The vision

Envision a system that costs $10 to $30 per month, which:

Offers a phone/tablet-based CRM system where each contact with each customer can be recorded by each person in your company.
Offers you a tablet estimating tool, which incorporates pictures and project itemization that easily prepares estimates on the spot during a prospect site visit where you can e-mail your customer a professionally produced estimate on the spot, incorporating photos (a portable printer in your truck solves anyone’s need for paper).
Provides up-to-the-minute, real-time reports of outstanding estimates.
Provides tools for e-mailing prospects confirmations of appointments, follow-ups, and even post job before-and-after photos for their records with your invoice.
Plots your pending estimates and pending jobs on maps to improve the scheduling and ease of site visits.

An example of perfect execution

Many contracting support firms are commissioning app developers to create custom apps to make the vision above a reality. The customization simply implants arithmetic tools and fields where the service experts provide in the app design a capability for the app to calculate price by dimension of a job. For example, an installer identifies the parts and work required for replacement, and takes a picture with his/her tablet. Each contractor has preloaded his/her individual pricing, determined by market and circumstance. The app produces the estimate for e-mail/mail to the customer and populates all the supporting systems for record keeping and continuous contact with the prospect. A click of a button gives a contractor a map spotting all pending estimates and jobs. An ideal execution of this program is HMI, a concrete lifting and leveling contractor that commissioned Logical Engine (, a business app software developer, to create a system to maximize the efficiency of their customers. A tour of that system, and the potential, can be viewed at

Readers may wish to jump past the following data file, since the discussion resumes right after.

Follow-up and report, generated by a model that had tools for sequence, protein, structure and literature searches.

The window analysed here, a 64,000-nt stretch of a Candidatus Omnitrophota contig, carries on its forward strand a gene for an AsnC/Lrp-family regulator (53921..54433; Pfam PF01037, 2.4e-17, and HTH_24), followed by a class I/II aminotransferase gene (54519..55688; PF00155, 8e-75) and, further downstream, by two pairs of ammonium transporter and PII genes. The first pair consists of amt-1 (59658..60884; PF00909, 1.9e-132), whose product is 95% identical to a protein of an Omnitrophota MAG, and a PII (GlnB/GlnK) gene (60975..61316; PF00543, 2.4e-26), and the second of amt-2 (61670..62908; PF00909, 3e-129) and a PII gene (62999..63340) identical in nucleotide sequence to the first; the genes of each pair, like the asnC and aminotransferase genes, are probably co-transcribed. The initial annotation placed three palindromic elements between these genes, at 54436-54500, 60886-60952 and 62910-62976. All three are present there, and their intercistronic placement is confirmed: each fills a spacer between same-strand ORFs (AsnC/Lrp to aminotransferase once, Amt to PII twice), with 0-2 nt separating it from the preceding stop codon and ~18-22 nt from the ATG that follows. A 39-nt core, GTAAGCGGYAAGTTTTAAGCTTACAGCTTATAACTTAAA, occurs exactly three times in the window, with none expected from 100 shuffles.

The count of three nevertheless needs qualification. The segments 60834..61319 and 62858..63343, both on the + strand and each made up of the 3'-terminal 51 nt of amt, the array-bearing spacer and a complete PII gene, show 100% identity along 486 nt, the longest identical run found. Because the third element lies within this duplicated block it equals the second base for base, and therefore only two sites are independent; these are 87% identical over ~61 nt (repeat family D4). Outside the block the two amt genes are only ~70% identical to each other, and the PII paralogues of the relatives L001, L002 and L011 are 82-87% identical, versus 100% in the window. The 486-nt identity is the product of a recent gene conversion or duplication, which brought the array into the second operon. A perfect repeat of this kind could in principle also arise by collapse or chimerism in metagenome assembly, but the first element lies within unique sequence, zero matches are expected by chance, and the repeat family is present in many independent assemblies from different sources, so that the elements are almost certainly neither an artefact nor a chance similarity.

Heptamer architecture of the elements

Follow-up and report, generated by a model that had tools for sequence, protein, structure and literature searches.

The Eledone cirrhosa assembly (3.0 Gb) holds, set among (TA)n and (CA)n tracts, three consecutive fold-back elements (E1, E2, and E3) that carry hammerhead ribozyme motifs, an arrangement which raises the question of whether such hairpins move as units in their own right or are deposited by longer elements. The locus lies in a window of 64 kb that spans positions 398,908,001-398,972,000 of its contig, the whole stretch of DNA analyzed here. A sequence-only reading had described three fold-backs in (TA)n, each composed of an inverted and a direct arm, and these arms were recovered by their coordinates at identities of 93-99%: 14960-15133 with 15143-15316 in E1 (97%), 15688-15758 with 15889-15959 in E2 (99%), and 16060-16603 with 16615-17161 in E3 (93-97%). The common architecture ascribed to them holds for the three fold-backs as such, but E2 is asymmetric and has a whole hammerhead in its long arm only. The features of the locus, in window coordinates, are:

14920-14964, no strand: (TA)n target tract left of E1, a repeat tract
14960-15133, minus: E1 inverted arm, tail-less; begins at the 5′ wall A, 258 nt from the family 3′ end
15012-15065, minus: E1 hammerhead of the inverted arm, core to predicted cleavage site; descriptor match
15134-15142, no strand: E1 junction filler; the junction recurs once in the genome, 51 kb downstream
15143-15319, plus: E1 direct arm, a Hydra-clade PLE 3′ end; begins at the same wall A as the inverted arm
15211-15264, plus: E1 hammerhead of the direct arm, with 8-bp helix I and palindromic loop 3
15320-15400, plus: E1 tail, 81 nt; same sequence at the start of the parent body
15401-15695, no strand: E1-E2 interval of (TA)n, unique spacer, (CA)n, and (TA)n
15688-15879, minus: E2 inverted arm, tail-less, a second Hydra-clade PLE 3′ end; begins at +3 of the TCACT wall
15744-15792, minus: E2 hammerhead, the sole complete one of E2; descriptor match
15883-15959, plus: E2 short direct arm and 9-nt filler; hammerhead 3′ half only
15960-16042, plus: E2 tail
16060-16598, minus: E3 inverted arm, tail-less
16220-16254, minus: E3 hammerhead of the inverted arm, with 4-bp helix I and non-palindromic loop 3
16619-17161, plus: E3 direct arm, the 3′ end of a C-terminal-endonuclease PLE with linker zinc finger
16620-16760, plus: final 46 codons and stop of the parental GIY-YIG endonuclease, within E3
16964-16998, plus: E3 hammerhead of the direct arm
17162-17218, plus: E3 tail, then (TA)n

It’s all about money and growth

Some years ago, I began a consulting assignment with a small concrete contractor by asking him about his estimating process. He told me: 1) It would take six years to train an estimator; and 2) He could not trust anyone else to do the estimates. I told him I was leaving because, if that were true, he is destined to be the same size company forever. That company is now deploying technology in estimating, has a full-time estimator doing 20 estimates a day, is four times larger, and that entrepreneur plays golf on the weekends instead of running around giving estimates.

If you are happy spending hundreds of dollars per estimate, and limiting your growth, that is okay, and is one of the great values of being an entrepreneur — doing it your way. But what will your competition be doing next week, and what will your customers thing?

Paul DelFino is a principal of the consulting firm Opportunity Inc. For nearly tow decades, he has assisted entrepreneurs in growing their businesses, responding to economic downturns and merger and acquisition activity. His publications include, “Skewed Entrepreneurial Strategies,” available from all online booksellers. To learn more, visit